Yan Khalil, the self-made brewmaster and sole proprietor of Palo Alto’s newest coffee spot, Backyard Brew, is anything but a creature of habit.

“Most people hate routine and monotony,” he says. “Even if they say they don’t, they secretly do deep down. So instead of doing something crazy, I switch things up with flavors of coffee. Which is like, the least dangerous way you can switch up your life.”

Truer words have perhaps never been spoken. As the newest addition to Palo Alto’s bustling California Avenue shopping district, Backyard Brew has already begun to switch things up, from its casual and cozy outdoor cafe setting to its laid-back approach to fostering creativity and imagination in its menu. Khalil, a Palo Alto native, had no experience in the coffee industry prior to opening Backyard in February. He makes up for it with an unwavering entrepreneurial spirit and a sincere desire to create a positive, encouraging space to relax.

“This idea alone is already bootstrapped,” he says between pulling espresso shots and concocting one-of-a-kind drinks. “There’s no Silicon Valley funding behind this at all. It’s literally just my own creation.”

Tucked behind California Avenue in the backyard of an insurance office, Backyard Brew’s charm comes from its ambiance and decor, which was designed entirely by patrons. Khalil encourages BYOB—bring your own brush—so visitors can adorn every solid surface with quotes, affirmations, drawings or even just a signature. Tables, chairs and fountains are covered in writing. One of the cafe’s regulars painted a large, multicolored mural that adorns a concrete wall.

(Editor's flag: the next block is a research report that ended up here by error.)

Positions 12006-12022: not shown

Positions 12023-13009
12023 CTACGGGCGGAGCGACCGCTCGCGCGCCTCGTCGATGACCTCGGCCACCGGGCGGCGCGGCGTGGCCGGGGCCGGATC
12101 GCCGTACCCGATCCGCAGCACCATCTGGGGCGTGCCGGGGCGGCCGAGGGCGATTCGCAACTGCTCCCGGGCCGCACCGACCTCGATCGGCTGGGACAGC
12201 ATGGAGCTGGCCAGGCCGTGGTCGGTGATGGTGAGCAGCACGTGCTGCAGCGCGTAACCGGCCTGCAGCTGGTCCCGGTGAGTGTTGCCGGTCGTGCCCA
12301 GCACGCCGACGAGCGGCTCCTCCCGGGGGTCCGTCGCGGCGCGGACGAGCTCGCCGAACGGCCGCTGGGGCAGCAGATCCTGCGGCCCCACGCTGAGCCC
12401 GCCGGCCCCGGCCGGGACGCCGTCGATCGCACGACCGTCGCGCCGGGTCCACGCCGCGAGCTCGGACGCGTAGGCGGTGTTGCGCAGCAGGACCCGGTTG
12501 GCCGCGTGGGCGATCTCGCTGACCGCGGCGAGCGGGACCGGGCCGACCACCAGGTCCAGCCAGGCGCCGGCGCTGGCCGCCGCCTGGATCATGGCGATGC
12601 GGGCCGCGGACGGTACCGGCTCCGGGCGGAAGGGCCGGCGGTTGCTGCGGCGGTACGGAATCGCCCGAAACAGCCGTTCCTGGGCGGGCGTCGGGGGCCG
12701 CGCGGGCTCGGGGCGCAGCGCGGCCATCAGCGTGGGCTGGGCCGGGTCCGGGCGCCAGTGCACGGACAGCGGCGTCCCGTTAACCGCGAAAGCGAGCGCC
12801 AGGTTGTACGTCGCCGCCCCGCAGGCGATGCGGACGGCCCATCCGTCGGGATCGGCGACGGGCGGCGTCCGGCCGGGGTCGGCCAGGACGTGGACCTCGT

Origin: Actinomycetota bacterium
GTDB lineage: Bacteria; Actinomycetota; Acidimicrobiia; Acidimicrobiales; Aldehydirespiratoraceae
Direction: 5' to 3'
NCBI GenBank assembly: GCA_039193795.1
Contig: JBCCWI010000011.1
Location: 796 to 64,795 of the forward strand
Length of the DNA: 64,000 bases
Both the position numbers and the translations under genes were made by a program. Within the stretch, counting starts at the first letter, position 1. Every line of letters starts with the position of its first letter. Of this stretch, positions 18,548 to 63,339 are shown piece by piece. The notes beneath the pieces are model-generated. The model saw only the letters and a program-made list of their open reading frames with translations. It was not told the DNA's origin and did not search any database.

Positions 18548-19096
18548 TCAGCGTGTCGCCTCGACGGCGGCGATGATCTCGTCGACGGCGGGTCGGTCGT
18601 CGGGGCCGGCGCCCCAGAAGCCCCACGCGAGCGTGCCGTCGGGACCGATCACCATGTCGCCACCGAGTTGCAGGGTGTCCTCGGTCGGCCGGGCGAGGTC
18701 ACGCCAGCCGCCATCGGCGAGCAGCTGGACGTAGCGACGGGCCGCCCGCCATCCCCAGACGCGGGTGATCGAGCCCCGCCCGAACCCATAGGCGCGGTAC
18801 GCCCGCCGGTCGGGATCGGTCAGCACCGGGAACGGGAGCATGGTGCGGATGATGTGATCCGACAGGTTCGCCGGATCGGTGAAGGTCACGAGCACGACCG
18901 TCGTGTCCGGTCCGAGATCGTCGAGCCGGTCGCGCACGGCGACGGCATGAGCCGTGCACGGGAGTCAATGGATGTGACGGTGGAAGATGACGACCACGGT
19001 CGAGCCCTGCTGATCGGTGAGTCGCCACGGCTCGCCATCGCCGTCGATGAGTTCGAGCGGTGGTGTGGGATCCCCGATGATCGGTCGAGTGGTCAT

Backyard Brew also hosts trivia nights, poetry slams, musical performances, and encourages any and all sorts of expression, as Khalil aims to “push people out of their bubble to meet new people.” He adds, “I want people to come here and decompress and express themselves, and I’m not the guy who’s going to tell you ‘no.’”

Backyard Brew’s drink menu pulls influences from abroad and features coffee beans from around the world. After roasting beans in small batches in Woodside, Khalil grinds them with spices like cardamom or cloves to give further depth and flavor.

Take, for example, the classic Americano ($3). Instead of pouring plain hot water over the espresso, Backyard uses water that’s infused with fresh sage leaves to bring out the earthy tones. Their Turkish coffee ($5) also packs a punch, with heavy notes of cardamom and clove, and the Bedouin Brew ($2 for a 4-ounce shot) will give even veteran caffeine fiends a jolt. Lightly roasted green coffee beans fuse with cardamom for an intense but tasty drink that’s meant to be sipped.

Some of Backyard Brew’s non-espresso house specialties include Grandma’s Tea ($3), a recipe for black tea passed down in Khalil’s family for nearly 100 years. Flavored with Lebanese sage, cinnamon and mint, then slightly sweetened, it has two very different flavor experiences when ordered hot or cold. The coffee shop’s freshly squeezed lemonade varieties ($4)—lemon mint, hibiscus and ginger peach—are also not to be missed. The last offering is steeped for 18-24 hours before being served, and all three maintain an excellent balance of tangy and sweet.

Despite his lack of experience, Khalil has earned a reputation as a coffee connoisseur in an area rife with cafes aiming to impress with the latest—but not always greatest—methods for brewing beans.

Backyard Brew
444 S. California Ave., Palo Alto
$, Coffee & Tea